The interest is there, and so are the savings
The results show additional savings from automated TOU management, and they also offer critical insights into how rate design can affect the level of savings. Study results show that the time-of-use optimization contributed additional bill savings of 8-19% across various climate zones through its out-of-the-box solution, in addition to on-peak savings and overall energy savings.
This presents an important opportunity for utilities to use smart technology to help inform their variable rate structures and to enable consumers to maximize their savings by shifting load away from high-priced periods. On top of that, utilities beginning their time-of-use rollout can consider smart technology offerings as a tool to help customers through their transitions to TOU rates.
The results show that this type of automated TOU response achieves bill savings not only through load shifting, but also through a decrease in overall cooling energy use.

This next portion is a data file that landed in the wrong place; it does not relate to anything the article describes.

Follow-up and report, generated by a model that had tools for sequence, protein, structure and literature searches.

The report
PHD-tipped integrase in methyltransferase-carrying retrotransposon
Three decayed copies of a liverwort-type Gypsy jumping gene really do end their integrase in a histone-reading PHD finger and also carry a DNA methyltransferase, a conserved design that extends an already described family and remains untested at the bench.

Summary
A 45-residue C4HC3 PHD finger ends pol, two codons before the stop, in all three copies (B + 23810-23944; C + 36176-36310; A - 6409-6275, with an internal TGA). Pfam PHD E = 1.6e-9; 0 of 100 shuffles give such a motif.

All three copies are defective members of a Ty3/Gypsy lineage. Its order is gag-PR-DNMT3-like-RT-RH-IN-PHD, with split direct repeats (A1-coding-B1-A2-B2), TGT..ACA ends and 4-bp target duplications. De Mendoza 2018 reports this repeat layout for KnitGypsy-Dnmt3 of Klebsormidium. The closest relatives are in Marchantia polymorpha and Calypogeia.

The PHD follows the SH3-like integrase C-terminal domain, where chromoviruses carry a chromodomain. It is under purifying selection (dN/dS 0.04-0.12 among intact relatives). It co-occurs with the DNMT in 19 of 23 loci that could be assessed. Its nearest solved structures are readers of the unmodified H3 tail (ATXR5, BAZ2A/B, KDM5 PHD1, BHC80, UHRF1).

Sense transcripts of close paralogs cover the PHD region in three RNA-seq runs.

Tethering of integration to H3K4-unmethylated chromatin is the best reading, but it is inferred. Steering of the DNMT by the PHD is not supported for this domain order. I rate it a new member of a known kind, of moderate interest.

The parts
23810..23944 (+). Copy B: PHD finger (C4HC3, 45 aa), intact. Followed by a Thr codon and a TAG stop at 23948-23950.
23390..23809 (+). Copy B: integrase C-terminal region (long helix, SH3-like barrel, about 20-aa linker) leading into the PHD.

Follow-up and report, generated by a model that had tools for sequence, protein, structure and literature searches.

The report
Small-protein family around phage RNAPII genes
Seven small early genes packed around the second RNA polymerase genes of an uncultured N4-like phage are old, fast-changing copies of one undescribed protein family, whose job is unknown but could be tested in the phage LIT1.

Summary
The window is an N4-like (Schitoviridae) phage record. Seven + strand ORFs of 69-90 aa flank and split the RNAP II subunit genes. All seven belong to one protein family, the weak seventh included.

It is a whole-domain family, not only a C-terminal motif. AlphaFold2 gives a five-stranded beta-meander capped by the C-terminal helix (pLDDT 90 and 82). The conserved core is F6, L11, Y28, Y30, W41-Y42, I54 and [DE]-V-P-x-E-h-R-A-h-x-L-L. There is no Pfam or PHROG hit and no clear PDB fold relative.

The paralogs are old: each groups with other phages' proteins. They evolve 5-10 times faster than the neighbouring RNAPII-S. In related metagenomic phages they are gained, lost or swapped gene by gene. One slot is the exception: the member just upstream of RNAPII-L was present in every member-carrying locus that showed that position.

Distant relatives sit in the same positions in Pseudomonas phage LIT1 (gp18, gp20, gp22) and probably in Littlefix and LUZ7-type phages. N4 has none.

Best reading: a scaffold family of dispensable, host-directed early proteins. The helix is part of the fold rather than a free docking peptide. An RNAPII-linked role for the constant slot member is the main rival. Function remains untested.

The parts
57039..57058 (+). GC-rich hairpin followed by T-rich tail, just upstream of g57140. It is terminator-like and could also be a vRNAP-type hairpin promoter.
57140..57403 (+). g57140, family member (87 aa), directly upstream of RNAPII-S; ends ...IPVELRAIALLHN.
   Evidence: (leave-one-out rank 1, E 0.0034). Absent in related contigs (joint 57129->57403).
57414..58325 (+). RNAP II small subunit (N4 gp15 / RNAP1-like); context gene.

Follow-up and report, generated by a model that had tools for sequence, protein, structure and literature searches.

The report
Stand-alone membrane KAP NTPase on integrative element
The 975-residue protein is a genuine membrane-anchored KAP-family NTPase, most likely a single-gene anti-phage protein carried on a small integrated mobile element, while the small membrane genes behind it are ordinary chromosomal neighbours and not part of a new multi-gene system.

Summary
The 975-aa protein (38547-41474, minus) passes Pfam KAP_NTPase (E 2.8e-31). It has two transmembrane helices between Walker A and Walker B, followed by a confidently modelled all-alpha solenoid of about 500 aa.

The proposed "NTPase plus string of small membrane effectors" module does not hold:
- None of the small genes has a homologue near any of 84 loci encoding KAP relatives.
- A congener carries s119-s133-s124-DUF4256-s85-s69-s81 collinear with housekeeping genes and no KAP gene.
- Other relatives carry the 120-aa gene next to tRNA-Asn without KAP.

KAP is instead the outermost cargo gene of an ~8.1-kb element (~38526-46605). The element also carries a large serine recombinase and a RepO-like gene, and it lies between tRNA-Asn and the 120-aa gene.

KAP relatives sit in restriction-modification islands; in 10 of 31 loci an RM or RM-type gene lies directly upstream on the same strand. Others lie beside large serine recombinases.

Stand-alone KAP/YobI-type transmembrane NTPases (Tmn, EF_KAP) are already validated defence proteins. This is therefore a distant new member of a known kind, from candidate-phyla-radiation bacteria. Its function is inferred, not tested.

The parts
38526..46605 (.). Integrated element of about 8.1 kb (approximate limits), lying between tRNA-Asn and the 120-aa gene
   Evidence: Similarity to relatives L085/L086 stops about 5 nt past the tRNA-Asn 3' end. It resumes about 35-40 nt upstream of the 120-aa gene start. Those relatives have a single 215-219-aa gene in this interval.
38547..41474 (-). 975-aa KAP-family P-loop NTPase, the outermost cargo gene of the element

The savings resulting from the study were as follows:
- Bill savings ($): 8-19% additional savings on monthly cooling expenses related to energy
- Average on-peak savings (kWh): additional 13-36% toward peak energy reduction
- Energy savings (kWh): 3.4-8.8% of additional energy savings
The study revealed two key insights when it comes to the impact of rate design on consumer savings.
First, the bill savings associated with automation technology were larger in regions where participants run their air conditioning for longer periods of time, have larger A/C units, and more expensive peak electricity prices.
In addition, the duration of the peak period impacts the level of savings automation technology can provide. Shorter peak hours yielded larger average demand impacts (kW) but less overall energy savings (kWh).
Learnings from across climate zones
With numerous factors affecting the on-peak, energy and bill savings from the TOU feature, the impact can be seen at a high level in the below table:
Upon closer examination, we can see the savings impact of on-peak to off-peak ratio and peak duration illustrated in the rate examples below: